Is Cantonese food spicy? Like other countries, Cantonese cuisine is not too spicy, even though many people still consume spicy food.
Balancing the different flavors in a particular dish is a skill that Cantonese chefs understand immediately as they start their training. Emphasis is put on the ingredients’ tastes; thus, spices are included sparingly.
The spicy dishes available are intended to be spicy. That is not to say that food fans with a bit of kick to it will not have fun while eating in one of the area’s restaurants. For instance, you’d never have a scenario where assorted chilies and other spices were included at will in a chicken dish only to make the dish spicy.
Each ingredient in Cantonese dishes is there for a reason and has a particular role in people’s culinary experiences.
Introducing Cantonese Cuisine
Cantonese dishes come from China’s Guangdong province, including Macau and Hong Kong. Nowadays, you will find this cooking across the globe in cafes, street stalls, and restaurants.
Cantonese cooking style is more about freshness, lightly cooked fresh meat, vegetables, and sweet sauces. Unlike other Chinese regional cuisines, not much oil or spices is used.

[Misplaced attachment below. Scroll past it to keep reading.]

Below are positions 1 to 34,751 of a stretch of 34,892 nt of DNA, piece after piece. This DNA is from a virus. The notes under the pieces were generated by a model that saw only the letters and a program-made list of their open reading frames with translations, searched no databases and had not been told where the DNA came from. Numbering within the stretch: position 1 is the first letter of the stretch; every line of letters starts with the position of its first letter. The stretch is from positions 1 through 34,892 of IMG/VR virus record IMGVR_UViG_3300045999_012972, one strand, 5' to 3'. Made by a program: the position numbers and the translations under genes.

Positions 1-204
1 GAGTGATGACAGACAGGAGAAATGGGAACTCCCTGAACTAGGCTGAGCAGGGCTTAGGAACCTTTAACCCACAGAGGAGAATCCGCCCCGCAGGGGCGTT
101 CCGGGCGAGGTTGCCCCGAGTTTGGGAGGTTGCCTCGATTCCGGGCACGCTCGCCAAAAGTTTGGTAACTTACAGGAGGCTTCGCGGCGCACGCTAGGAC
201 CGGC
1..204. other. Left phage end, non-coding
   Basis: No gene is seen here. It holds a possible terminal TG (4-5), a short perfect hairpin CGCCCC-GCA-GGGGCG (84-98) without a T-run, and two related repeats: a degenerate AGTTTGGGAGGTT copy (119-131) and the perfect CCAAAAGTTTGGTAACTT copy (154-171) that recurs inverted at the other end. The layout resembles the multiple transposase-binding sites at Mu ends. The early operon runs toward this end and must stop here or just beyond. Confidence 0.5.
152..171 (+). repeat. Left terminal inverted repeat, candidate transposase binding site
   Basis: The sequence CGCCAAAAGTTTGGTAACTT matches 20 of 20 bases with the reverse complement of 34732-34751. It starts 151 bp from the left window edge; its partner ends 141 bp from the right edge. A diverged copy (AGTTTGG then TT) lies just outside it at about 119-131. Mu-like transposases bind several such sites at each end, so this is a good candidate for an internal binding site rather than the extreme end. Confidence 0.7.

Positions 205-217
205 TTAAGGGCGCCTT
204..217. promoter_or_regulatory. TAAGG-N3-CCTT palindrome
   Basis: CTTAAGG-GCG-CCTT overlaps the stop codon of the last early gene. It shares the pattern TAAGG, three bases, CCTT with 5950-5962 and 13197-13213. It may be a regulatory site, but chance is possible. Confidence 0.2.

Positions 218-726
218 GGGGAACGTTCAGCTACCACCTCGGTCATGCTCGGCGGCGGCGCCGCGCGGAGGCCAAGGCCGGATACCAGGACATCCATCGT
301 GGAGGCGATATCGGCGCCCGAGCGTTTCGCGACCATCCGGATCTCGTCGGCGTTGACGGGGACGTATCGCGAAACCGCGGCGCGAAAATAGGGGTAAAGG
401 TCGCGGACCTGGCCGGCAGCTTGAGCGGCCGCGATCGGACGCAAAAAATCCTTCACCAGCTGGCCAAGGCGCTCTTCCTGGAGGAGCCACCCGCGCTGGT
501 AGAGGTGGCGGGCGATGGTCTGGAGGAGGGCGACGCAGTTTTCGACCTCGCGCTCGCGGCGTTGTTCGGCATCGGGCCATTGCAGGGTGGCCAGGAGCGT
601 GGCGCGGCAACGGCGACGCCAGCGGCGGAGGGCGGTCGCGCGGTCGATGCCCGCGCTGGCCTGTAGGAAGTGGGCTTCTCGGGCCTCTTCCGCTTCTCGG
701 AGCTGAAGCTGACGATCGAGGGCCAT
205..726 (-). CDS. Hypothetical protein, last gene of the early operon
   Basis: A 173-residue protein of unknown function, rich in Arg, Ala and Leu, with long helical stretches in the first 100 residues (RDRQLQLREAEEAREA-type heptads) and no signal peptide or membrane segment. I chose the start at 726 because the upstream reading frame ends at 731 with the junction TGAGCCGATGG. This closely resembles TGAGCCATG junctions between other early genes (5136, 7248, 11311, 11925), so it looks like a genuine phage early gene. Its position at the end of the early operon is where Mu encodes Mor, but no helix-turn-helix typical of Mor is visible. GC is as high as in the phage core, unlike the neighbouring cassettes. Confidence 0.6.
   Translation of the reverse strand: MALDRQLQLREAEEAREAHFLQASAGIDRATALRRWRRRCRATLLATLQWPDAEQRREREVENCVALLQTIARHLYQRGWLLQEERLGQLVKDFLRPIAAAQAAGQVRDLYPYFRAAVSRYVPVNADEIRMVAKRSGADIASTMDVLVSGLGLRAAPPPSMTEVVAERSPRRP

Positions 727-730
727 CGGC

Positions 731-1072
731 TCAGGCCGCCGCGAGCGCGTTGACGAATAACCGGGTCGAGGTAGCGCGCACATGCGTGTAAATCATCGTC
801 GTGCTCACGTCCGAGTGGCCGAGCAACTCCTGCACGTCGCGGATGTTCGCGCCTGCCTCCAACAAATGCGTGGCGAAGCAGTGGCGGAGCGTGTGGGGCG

Cantonese Spicy Foods You Must Try
Cantonese cuisine is excellent since there are a lot of food dishes. Selections range from rice bowls and noodles to more traditional meals. We searched the internet and looked for some of the spiciest Cantonese foods in Macau and Hong Kong.
It is a taste of sensation that will leave you wanting more for years to come.
It might sound strange to be looking for African Chicken in Macau. But believe us. Locally invented in the the1940s, the original chef passed away without sharing the rich history behind the dish’s name. The hunt is well worth it.
The barbecued chicken covered with a spiced Piri-Piri sauce is a gesture to the Moorish past of Portugal. No matter your background, this dish will make for a tasty meal.
Street Food Skewers
Eating food skewers on the side of the street is one of the best experiences you should have when you visit Macau. The lady will hand you a small bowl to place all the skewers you like her to cook for you.
I was wondering where you get the spiciness. You can ask for that extra spicy curry sauce for a hint of hotness. You can get tofu, fish balls, pork blood cubes more.
Meat jerky is famous in Macau, so you will see many displays while strolling around the area. Feel free to cut up samples—spicy and hot beef jerky, honey roasted pig, or hot and spicy pork jerky.
Do not bother wrapping meat jerky into your bag because you cannot bring any meat goods back to America. In short, it will only get seized at customs.
Sichuan Boiled Beef
Did you know that Sichuan is China’s go-to region when discussing spices? Dishes from the province are often covered with red chili peppers that you cannot even see the food under.
Also, the numbing peppercorns, which go into the dishes together with those red hot peppers, are from there.
But you don’t need to go to Sichuan to taste their boiled beef. Cantonese regions also serve them at various restaurants. A good place where you can try this dish is Mask, located at 33 Tsim Sha Tsui East Station.